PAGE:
The Wenatchee World

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The latest extended forecast from The Weather Channel

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Air Stagnation Advisory issued February 10 at 1:30PM PST until February 13 at 10:00AM PST by NWS

...AIR STAGNATION ADVISORY REMAINS IN EFFECT UNTIL 10 AM PST SATURDAY... * AIR QUALITY...LIGHT WINDS AND A TEMPERATURE INVERSION WILL HEIGHTEN THE POTENTIAL FOR ELEVATED POLLUTION LEVELS IN CENTRAL WASHINGTON AND NORTHEAST WASHINGTON TONIGHT THROUGH SATURDAY MORNING. WEAK WEATHER DISTURBANCES WILL PASS THROUGH THE AREA

Overnight

Lo32° Slight Chance Rain and Patchy Fog

Thursday

Hi40° Rain and Patchy Fog

Thursday Night

Lo35° Rain then Chance Rain

Friday

Hi44° Chance Rain

Friday Night

Lo32° Chance Rain

Saturday

Hi45° Partly Sunny

Saturday Night

Lo33° Chance Rain

Sunday

Hi44° Chance Rain

Sunday Night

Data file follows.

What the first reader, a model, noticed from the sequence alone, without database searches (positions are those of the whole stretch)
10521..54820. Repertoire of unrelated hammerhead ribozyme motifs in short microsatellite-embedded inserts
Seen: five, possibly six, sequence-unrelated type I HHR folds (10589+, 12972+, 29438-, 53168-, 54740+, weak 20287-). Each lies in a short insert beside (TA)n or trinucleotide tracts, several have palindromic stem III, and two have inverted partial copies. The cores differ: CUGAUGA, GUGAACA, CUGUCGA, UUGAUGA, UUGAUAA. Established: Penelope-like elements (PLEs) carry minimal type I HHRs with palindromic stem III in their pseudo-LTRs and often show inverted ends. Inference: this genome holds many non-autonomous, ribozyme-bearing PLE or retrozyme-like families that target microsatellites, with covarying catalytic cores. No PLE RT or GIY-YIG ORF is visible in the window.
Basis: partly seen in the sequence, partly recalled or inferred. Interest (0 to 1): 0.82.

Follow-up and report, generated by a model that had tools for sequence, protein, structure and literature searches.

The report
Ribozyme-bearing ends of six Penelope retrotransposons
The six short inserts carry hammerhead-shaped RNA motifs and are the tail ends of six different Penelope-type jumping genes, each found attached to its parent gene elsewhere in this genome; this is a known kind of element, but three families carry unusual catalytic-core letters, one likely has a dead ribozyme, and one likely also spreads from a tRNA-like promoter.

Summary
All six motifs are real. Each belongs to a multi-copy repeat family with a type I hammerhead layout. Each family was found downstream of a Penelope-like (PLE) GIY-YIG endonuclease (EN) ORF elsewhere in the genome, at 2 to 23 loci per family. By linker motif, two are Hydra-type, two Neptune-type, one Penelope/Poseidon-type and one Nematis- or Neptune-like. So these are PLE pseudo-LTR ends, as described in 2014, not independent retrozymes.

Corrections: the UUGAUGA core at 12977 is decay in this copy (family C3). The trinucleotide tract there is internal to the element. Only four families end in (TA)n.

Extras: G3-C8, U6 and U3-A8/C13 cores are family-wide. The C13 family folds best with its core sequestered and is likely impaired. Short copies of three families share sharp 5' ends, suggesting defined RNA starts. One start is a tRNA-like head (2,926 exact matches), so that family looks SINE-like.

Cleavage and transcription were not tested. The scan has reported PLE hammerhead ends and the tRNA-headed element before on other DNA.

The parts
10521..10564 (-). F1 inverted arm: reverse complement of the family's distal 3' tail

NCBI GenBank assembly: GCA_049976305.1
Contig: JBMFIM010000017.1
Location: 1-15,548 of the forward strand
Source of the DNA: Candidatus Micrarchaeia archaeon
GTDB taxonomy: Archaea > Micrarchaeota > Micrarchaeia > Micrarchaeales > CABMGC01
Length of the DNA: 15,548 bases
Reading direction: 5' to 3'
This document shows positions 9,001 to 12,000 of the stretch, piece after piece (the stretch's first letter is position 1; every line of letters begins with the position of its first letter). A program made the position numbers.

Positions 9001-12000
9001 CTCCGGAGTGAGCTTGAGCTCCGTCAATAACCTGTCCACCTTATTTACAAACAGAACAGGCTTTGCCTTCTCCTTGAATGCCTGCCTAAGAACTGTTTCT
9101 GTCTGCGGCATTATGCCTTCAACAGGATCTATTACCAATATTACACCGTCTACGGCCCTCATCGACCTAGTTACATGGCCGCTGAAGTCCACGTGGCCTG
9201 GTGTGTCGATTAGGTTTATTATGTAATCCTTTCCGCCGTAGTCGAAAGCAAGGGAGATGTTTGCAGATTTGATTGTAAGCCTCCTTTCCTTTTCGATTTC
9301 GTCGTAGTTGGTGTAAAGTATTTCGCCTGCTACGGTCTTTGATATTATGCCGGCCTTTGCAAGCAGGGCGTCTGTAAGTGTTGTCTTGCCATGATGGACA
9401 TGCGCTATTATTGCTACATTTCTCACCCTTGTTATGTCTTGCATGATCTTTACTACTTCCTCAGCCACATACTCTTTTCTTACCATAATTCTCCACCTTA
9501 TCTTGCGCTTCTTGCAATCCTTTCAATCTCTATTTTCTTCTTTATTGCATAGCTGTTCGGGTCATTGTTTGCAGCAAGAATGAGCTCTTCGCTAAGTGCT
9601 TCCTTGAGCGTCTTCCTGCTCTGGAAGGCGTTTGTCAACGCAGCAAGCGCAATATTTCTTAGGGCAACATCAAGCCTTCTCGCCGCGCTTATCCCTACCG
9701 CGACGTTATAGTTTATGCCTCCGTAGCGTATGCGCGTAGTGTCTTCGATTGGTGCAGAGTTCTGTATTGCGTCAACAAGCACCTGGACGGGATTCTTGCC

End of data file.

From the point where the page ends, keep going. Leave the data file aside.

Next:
Lo38° Slight Chance Rain

Washington's Birthday

Hi54° Partly Sunny

Oil trains raise safety questions

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We know what can happen. We have seen disaster first-hand. We know that when transporting anything by rail, the possibility of an accident is more a question of when than if. Knowing this, the towns and cities of Washington situated near a main rail corridor have a reasonable interest in what is passing through, and are right to wonder how we would respond to an accident. With 100-car oil trains moving Bakken crude through the state every day, concerns rightly multiply.

The state Senate Committee on Energy, Environment and Telecommunications held a hearing in Spokane last week focusing on a bill by Sen. Michael Baumgartner, R-Spokane, that would set up a study of safety, require shippers to disclose the type and amount of crude they transport, and pay a 5-cent-per-barrel tax to fund first responders. Gov. Jay Inslee ordered the states to review safety and oil train spill risk and report with recommendations by Oct. 1. The U.S. Department of Transportation has ordered railroads to give first responders information on oil trains passing through their town, including when and how much. BNSF says it provides information to emergency agencies, upgraded much of its rolling stock with much safer tankers, and funded hundreds of millions in improvements to its tracks in Washington.

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